Yet today many surrounding structures like the church on Broadway remain part of a landscape that is still visibly dismembered by urban renewal forces, and that story of urban inequality materialized in the Upper Room Apostolic Church may well be more important than the fancifully renovated Chatham Arch homes or the preservation shortcomings of the church itself. In August, 1866 Allen Chapel AME (i.e., African-Methodist-Episcopal) was formed on Broadway Street with eight founding members, with the church described in 1870 as being a 36 X 44 foot frame structure first occupied in Christmas, 1866. An “African” church was in the city directory in that spot in 1867, and in 1870 the congregation was identified in the city directory as “Allen Chapel (African).” In 1875 W.R. Revels was identified as the Church’s Pastor. Born in North Carolina in 1817, Willis R. Revels appeared in 1862 Indianapolis tax records as a physician; he served as a Pastor of the Bethel AME congregation in Indianapolis as well as the Bethel AME congregation in Baltimore; his brother Hiram Rhodes Revels was ordained in 1845 and was the first person of color to serve in the US Congress, elected as a US State Senator from Mississippi in 1870-1871; and Willis served as an advocate for the 28th United States Colored Troops regiment that formed in Indiana in 1863. Revels sat for his picture shortly before his death in March, 1879, and in 1887 the church appeared on a Sanborn Insurance map as a brick building sitting exactly where the Upper Room Apostolic Church sits today.
The Allen Chapel congregation built a church facing 11th Street that had its cornerstone laid in July, 1927 and the new church was dedicated in March, 1928. The building that eventually became the Upper Room Apostolic Church remained where it sits today, serving one fraternal organization and least two congregations: In 1930 the building appeared in the city directory as Allen Chapel as well as the Indiana chapter of the young men’s fraternal society the Order of DeMolay, and the fraternal remained at that address in 1940, 1951, and 1960 city directories; in 1970, it was home to Pentecostal Apostolic Church; and in 1980, it appeared in the city directory as the home of the Grace Missionary Baptist Church. In the meantime, the building certainly declined, and in 2006 a city planning document for the neighborhood characterized the Broadway Street structure’s exterior as having “major deterioration.”
Many of the Historic Indianapolis buildings that grace its Wednesday feature are truly vernacular architecture outside the pale of style and difficult to accommodate to the aesthetic and historical codes championed by preservationists. Vernacular architecture is intensely local, shaped by contextually specific environmental, cultural, market, and social influences, and many of the little homes dotting cities like Indianapolis transported a variety of ethnic and regional styles that were modified to meet the financial challenges of their makers, the ways their households changed over time, the spatial size of lots, and similar local if not personal factors. The intent of designers is not irrelevant, and some buildings are truly poorly conceived, but in an analysis of vernacular structures buildings matter as living entities with evolving stories whose aesthetics are material reflections of broader social processes. The Upper Room Apostolic Church’s story is certainly far more complicated than its momentary appearance as a preservation nightmare, and in fact the church’s aesthetics are a direct reflection of the concrete social and material processes that ravaged this and many other inner-city American communities. The story of the little church on Broadway—one with heroic figures, genuine achievement, state inequalities, and crushing decline—is by no means unique, and it might be told of any number of buildings in Indianapolis and nearly any other American (if not global) city.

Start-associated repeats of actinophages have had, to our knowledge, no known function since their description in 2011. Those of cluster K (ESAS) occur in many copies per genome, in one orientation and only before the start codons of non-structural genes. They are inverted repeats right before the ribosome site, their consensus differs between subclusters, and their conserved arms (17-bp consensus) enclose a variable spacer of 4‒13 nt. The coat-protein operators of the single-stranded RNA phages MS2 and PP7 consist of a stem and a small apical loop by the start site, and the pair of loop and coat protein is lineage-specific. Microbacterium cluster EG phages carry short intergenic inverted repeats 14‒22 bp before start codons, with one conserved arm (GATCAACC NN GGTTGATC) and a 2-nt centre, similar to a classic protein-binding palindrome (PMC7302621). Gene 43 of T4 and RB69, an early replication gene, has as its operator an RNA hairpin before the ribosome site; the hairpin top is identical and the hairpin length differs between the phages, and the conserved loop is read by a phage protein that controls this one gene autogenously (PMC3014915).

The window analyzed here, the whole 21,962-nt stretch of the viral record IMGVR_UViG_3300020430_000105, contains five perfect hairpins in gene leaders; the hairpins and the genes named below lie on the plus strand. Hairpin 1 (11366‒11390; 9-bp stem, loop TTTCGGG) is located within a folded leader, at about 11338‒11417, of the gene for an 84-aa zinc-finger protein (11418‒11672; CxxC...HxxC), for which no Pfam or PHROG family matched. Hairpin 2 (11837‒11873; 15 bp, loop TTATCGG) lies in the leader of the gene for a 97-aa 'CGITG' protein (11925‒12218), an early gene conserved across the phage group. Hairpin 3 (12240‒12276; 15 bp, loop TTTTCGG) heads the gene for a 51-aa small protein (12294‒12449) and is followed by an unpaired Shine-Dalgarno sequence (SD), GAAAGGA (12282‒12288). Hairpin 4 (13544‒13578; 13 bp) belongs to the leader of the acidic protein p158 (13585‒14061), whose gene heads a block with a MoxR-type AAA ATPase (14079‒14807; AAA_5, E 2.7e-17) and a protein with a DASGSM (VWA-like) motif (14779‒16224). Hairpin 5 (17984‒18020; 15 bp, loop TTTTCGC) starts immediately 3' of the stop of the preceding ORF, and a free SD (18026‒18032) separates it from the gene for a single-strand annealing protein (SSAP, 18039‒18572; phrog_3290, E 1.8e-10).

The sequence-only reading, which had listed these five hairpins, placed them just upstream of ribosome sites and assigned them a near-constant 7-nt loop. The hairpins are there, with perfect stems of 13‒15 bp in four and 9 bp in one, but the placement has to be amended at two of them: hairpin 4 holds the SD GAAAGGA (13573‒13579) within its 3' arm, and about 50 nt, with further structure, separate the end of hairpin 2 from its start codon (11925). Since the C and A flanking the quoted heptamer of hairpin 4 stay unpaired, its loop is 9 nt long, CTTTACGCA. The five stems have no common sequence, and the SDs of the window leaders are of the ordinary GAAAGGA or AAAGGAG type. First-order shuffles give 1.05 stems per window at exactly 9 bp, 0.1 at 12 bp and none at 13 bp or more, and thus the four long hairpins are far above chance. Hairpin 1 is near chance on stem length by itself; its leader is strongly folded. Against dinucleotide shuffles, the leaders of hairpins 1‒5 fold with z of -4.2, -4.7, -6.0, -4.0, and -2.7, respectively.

Assessments of architectural style are always partial at best if they fail to embed the structures in broader social, cultural, and material context. The 31-story Trellick Tower in London, for instance, has rather polarizing aesthetic effects, a massive shaft of concrete that The Guardian recognized was long seen as a “scar [on] the west London skyline.” Completed in 1972, the brutal modernist tower was designed by Emo Goldfinger. In 1939, Goldfinger built a modernist terrace home at 2 Willow Road in Hampstead, London that razed several cottages, a move opposed by some residents that included Ian Fleming, who subsequently immortalized Goldfinger as James Bond adversary Auric Goldfinger. Emo Goldfinger’s Trellick Tower was described by The Guardian in 1999 as an example of “pure geometry, of beauty, a perfect resolution of horizontal and vertical elements,” but it was widely reviled, and Goldfinger’s career never recovered from the stigmatizating commentary that dogged Trellick Tower. Like many high-density tower blocks the building became a haven for criminals and exceptionally run-down by the early 1980s. Such buildings were moral as well as aesthetic productions meant to fashion community, though much of the high-density public housing in the United States such as Pruitt-Igoe in St. Louis or Cabrini-Green in Chicago was fatally undone by racist housing administration practices. Trellick Tower, in contrast, rebounded in the 1980’s and was listed as a Grade II protected property in 1998.
The WTH Wednesday case studies include quite a few buildings in similar neighborhoods whose current condition and aesthetics are powerful stories about displacement and racially and class-based urban renewal. Preserving such structures is laudable, and the Historic Indianapolis pages have been an important advocate for grassroots history and preservation. Every community deserves to be so lucky to have thoughtful preservation voices in our midst, and in the face of a city in danger of losing much of its built heritage many buildings like this church can be demoralizing to preservationists. Yet as material culture scholars we risk writing the complicated histories of urban landscapes out of the story if we fixate on dormers, ornamental woodwork, and aesthetics and forget to link them to broader social and material processes.
Grossman, Susannah L., (2010). Demolition Men: Contemporary Britain and the Battle of Brutalism. Undergraduate Thesis, Department of Art History, University of Pennsylvania.